DALLAS SAFARI CLUB CONVENTION AND EXPO—Nothing moved and the only sound was that of our footsteps as we stood shoulder to shoulder, slowly moving through the mopane trees. With our rifles raised and every one of our senses on overdrive, my PH and I had only covered 75 yards in what seemed like an eternity. With each step, we got closer to what we knew was an uncertain ending. Time was now standing still as just minutes before things had changed with just one squeeze of the trigger. What was a great hunting day was now something else—something ominous you just can’t describe and something every ethical hunter wants to avoid. We now had a wounded lioness on our hands in heavy cover.
Which animal is the most dangerous? Obviously, it is the wounded animal. No matter what you may be hunting, any animal capable of goring, stomping, scratching or biting a hunter is exponentially more dangerous once wounded. The unfortunate thing is that, as hunters, we have all experienced a less-than-perfect shot. But when we hunt dangerous game, whether in Africa, Alaska or elsewhere, we need to do our best to avoid a misplaced shot not only for the obvious reasons, but for the ones we sometimes don’t see. Family at home would like us to come back from these excursions, but what we often forget is that our guide or professional hunter as well as the staff that accompanies them also have families back home.
There is only one task we as hunters will be required to do: make the shot and make it count. To do this, we must know our gun, our ammo and our ability. But we must also understand that our “ability” will always be somewhat in question. It is easy to practice shooting on a range, but it is quite different when you are in the field facing a life or death situation. While our guides, professional hunters, trackers and all the other support staff will be required to not only make our trip enjoyable, they are also tasked with knowing the area, the game, taking care of the equipment, transportation as well as a list of other minor details the hunter will never notice. They also understand that, in some circumstances, they will be asked to risk their lives to fulfill someone else’s dream.
As we exited the blind on that crisp clear day, my PH walked over to the bait to look for mane hair and just by chance, I looked directly behind the blind to see a large lioness lying in the grass watching us. I whispered to my PH and he came back to where I was sitting so I used his shoulder as a rest. Unfortunately, the cat was now heading for the mopane thicket. However, she stopped one last time to look back which gave me time to take a shot. After the shot and after the sounds of her roaring stopped, we all stood assessing the situation staring at what little dark blood we could find. When asked about the shot, I confirmed that I was rushed and was not confident about bullet placement. This is when it all started to sink in.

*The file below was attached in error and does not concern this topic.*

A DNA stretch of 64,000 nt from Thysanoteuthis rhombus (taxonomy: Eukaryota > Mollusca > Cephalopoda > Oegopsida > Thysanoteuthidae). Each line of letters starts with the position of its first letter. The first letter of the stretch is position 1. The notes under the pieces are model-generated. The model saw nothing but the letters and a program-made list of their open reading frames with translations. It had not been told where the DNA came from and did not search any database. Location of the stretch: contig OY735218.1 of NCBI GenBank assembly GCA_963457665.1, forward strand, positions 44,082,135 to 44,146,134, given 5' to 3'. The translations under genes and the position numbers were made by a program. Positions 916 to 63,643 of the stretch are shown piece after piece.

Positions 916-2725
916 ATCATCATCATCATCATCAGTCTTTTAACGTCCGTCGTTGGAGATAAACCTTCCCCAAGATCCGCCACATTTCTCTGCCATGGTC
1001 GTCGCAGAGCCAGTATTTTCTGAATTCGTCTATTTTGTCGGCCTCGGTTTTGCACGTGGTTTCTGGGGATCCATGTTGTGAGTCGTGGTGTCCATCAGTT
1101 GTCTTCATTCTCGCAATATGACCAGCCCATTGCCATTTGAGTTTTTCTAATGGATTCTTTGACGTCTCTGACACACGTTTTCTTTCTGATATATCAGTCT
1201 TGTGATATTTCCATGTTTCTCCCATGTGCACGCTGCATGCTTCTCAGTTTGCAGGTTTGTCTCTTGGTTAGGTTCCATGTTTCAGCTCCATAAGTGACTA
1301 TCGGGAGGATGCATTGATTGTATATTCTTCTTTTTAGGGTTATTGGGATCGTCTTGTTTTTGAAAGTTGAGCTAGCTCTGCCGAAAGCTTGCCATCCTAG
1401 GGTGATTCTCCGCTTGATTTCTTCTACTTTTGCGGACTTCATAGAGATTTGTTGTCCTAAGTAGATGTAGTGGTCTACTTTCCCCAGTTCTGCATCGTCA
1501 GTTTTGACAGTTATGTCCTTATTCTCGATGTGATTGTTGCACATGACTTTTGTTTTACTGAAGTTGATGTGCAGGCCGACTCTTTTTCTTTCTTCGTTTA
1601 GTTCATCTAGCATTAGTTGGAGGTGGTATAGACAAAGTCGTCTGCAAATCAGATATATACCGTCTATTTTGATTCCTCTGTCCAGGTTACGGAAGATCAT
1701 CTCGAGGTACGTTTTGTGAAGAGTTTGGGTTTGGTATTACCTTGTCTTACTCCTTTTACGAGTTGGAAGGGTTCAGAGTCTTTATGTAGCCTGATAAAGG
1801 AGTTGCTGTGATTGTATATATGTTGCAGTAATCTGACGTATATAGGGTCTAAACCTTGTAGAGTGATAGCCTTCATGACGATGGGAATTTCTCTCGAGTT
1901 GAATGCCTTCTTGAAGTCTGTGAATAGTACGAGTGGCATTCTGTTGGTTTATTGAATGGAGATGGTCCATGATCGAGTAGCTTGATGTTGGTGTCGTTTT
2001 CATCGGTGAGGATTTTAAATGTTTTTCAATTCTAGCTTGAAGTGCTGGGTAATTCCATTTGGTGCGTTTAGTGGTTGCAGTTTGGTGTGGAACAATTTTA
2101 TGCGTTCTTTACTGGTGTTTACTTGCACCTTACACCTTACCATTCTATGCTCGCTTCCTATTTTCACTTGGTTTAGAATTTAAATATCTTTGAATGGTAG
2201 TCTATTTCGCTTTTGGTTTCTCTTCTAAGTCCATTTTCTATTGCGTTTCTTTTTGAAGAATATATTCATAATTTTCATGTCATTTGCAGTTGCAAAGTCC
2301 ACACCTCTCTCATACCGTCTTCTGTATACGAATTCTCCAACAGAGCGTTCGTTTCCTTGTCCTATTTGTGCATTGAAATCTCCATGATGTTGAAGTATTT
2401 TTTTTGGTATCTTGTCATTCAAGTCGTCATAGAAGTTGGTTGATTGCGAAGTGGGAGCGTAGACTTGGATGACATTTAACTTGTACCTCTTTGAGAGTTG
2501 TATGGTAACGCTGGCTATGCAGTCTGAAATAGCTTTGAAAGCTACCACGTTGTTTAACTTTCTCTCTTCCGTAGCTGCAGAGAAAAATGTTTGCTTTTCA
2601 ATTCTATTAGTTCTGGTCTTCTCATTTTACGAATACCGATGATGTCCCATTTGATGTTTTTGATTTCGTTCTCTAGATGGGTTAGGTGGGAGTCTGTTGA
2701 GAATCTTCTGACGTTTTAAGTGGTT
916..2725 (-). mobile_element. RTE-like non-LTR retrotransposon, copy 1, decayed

It was decided we would get the vehicle and follow the blood trail as far as possible and then proceed on foot. When we reached the heavy mopane cover, we turned off the vehicle and listened for any sounds of movement, we then got down and, side-by-side, we moved slowly forward on the spoor.
We moved maybe two feet at a time stopping and looking for what seemed like hours examining every leaf, every blade of grass, every shadow and listening for any sound that might give away her location. We did this for probably 75 yards when my PH whispered that it was just too dangerous to go on and that he was sure she was waiting on us. We slowly backed out 10 yards and decided to send for another PH to join up with us and then they would finish the task. Having a wife and kids, I certainly did not argue, but hated that I would not be able to finish what I had started and hated that gnawing feeling that was building up inside me, knowing that I had now placed my PH and friend in a very dangerous situation.
It was several minutes later, as the adrenaline started to subside, that it happened. Standing with a tracker just to my right and my PH to my left, at maybe ten or twelve feet, the silence was suddenly broken by a deafening roar. As time now moved in slow motion, the tracker raised only one finger to point where the lioness was waiting approximately 35 yards from us. Without thinking, I moved to see beyond a small mopane tree in the direction he was pointing. The cat, seeing my movement, exploded from the leaves. As she stood to charge, her eyes locked clearly on me. I brought the rifle up to settle the crosshairs on her chest and fired once. She fell silently in a heap.
The next thing I remember was my PH grabbing my barrel and lowering it, telling me it was over. As we stood there looking at each other, the PH we had sent for showed up and on seeing the situation, he simply said, “you are lucky.” Upon closer inspection, we saw that my first shot had hit her back as she angled away and had nicked the liver. This was a lucky ending, but we have all heard stories of hunters and their PHs getting hurt. Had I missed I would not have had time for another shot, and my PH’s first shot would have been just a few feet away from me. I had finished what I started, but I also learned a dangerous lesson and, with each new hunt, I remember the consequences of dangerous aim.